Cobots, Not Robots.
If I were to ask you what your thoughts were on robots, you may come up with a variety of answers. Perhaps you envision C3PO from Star Wars, Bender from Futurama, or one of the Transformers. Building robots that are tireless and can carry out tasks without any assistance could be the first concept that comes to mind. Additionally, you may contemplate other futuristic advancements such as robot pets or robot teachers.
Nevertheless, robots are proving to be incredibly useful in a way that may not have been immediately apparent. It appears that robots are being considered as colleagues within organisations, and this trend is likely to continue in the foreseeable future due to the rise in the use of collaborative robots, or ‘cobots’.
To begin, let’s define cobots.
Robots are typically associated with physical devices that can be either sentient or non-sentient and are used to carry out tasks that are dangerous, expensive, tedious, or hazardous. This type of robotics is widely used in many different industries such as manufacturing, healthcare, energy generation, warehousing and others. It is generally accepted that robots have a primary purpose of completing tasks that could be hazardous to humans.
In order to achieve the goal of replacing human workers, modern industrial robots are typically designed for settings where there is little or no human presence. To ensure that robots do not cause harm to people or their environment, certain restrictions have been put in place to regulate their operation.
Despite the fact that traditional robots are designed to work independently, with no direct contact with human operators, collaborative robots (cobots) have been developed to operate in close proximity to people. Cobots are able to work in harmony with humans, allowing them to collaborate in the completion of tasks. This necessitates an unconventional design of the robot, allowing them to be safely integrated into the workplace. Consequently, cobots are able to interact with their environment in a more natural, coordinated way than traditional robots.
The evolution of cobots has provided a compelling indication of their capabilities. Training a cobot involves a different approach than that used with traditional robots; rather than programming them to perform specific tasks, cobots are taught by demonstrating the duties to be carried out. Consequently, a cobot will act based on its training and the desired outcomes, and can thus acquire knowledge to enable it to refine its performance and deliver even better results in the future.
The use of cobots in the workplace is not to be confused with human labour, but rather to enhance and support it. Cobots are used to improve the productivity of the human workforce, by enriching and extending the capabilities of the workers. This is done by providing greater power, more precise movements and real-time data processing, thus bolstering the value of human labour.
What’s the big deal with cobots, anyway?
If, upon reading this far, you were of the opinion that cobots have no application outside of the robotics-dominated automotive industry, you would be mistaken. It is true that warehouses, supply chains, logistics organisations, and all kinds of manufacturers are increasingly turning to cobots to improve productivity and performance, but what about the more ‘gentle’ sectors? It is clear that cobots are beginning to make their mark in a range of industries.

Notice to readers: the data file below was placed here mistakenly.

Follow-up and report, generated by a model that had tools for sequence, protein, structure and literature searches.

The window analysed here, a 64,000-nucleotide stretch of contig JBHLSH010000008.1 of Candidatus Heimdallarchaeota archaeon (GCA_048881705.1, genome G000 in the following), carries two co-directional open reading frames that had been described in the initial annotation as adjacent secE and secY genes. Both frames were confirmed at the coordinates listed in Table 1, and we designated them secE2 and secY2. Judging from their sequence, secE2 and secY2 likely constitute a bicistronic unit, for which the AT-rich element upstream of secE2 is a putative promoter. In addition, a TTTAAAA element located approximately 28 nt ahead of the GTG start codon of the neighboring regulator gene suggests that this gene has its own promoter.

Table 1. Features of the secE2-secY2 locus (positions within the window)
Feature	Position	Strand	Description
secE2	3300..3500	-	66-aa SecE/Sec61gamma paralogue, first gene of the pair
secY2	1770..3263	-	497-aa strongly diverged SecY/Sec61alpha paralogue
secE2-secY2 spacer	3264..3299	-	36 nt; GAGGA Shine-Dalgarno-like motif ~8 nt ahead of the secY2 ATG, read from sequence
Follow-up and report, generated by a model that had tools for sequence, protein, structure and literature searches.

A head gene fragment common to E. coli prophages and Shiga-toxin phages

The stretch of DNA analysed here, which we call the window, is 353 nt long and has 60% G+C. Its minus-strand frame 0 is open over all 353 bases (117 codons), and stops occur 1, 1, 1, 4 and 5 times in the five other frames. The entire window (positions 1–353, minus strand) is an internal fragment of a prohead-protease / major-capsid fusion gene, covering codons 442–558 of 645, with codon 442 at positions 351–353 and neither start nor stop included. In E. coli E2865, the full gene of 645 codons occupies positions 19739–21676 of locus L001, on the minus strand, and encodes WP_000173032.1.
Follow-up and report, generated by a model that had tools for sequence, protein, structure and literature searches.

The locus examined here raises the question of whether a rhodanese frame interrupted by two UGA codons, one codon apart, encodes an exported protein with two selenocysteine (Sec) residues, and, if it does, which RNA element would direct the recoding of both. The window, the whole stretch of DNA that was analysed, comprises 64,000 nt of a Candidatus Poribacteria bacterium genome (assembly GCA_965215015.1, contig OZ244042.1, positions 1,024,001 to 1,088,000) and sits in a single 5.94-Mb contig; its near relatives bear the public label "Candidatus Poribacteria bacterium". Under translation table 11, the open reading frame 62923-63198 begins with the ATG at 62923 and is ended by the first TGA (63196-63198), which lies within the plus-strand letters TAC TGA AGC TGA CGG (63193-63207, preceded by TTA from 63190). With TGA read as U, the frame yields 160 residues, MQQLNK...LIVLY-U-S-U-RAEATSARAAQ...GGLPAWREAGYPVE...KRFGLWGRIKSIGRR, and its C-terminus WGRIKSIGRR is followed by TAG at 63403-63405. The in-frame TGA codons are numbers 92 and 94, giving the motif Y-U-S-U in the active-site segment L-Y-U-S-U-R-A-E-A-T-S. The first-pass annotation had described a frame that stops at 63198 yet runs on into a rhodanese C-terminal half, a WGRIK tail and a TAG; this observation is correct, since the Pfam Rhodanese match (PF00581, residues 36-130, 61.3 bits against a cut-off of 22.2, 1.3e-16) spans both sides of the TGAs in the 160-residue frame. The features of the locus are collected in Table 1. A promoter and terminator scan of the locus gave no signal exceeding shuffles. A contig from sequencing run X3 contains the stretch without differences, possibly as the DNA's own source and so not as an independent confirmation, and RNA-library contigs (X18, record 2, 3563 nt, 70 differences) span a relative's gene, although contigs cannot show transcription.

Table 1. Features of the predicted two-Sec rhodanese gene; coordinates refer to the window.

It is not inconceivable to envision a future in which cobots are commonplace in a variety of industries, such as retail, restaurants, theatres and retail stores. This could become a reality sooner rather than later, thanks to the advances in Artificial Intelligence (AI) and other associated technologies. With increasing efficiency and cost-effectiveness, cobots have the potential to revolutionise many industries and provide new opportunities for automation.
It is reasonable to suggest that the use of Collaborative Robots (cobots) is becoming increasingly commonplace in the workplace. Examples of this can be seen in Amazon’s fulfilment centres, where cobots are being used to help save time and effort when it comes to preparing items for transportation. Similarly, Ocado, an online grocery store, has also implemented cobots that can roam the warehouse and pick up items for customers to be shipped. Although there are currently no cobots working the checkouts, it seems that this is a technology that is rapidly progressing.
Indeed, that is precisely the point. Regardless of the industry, professionals should be mindful of the potential applications of collaborative robots (cobots) as it is highly likely that they may need to work alongside a robot in the future. Cobots could be the answer to the challenge of the diminishing workforce and increasing labour costs that many business owners and executives face.
It is particularly noteworthy to consider the advantages purported by cobot experts. Ron Schmelzer of Cognilytica has suggested that cobots could potentially be used to enhance productivity, effectiveness and improvement in any industry. This may be the key to encouraging human acceptance of cobots. Unlike the traditional robots that are typically perceived as replacements, cobots can be seen as intelligent assistants that can help individuals to do their jobs more efficiently.
Collaboration robots will be around for a while.
Collaborative robots (cobots) are quickly becoming an essential part of manufacturing operations for organisations of all sizes, with leading companies such as KUKA, Universal Robots and Rethink Robotics driving the trend. In fact, industry forecasts for the cobot market suggest that by 2023, collaborative robots will represent around 35% of all industrial robots sold. Whilst this does not guarantee the long-term success of cobots, it does demonstrate their growing popularity and widespread use.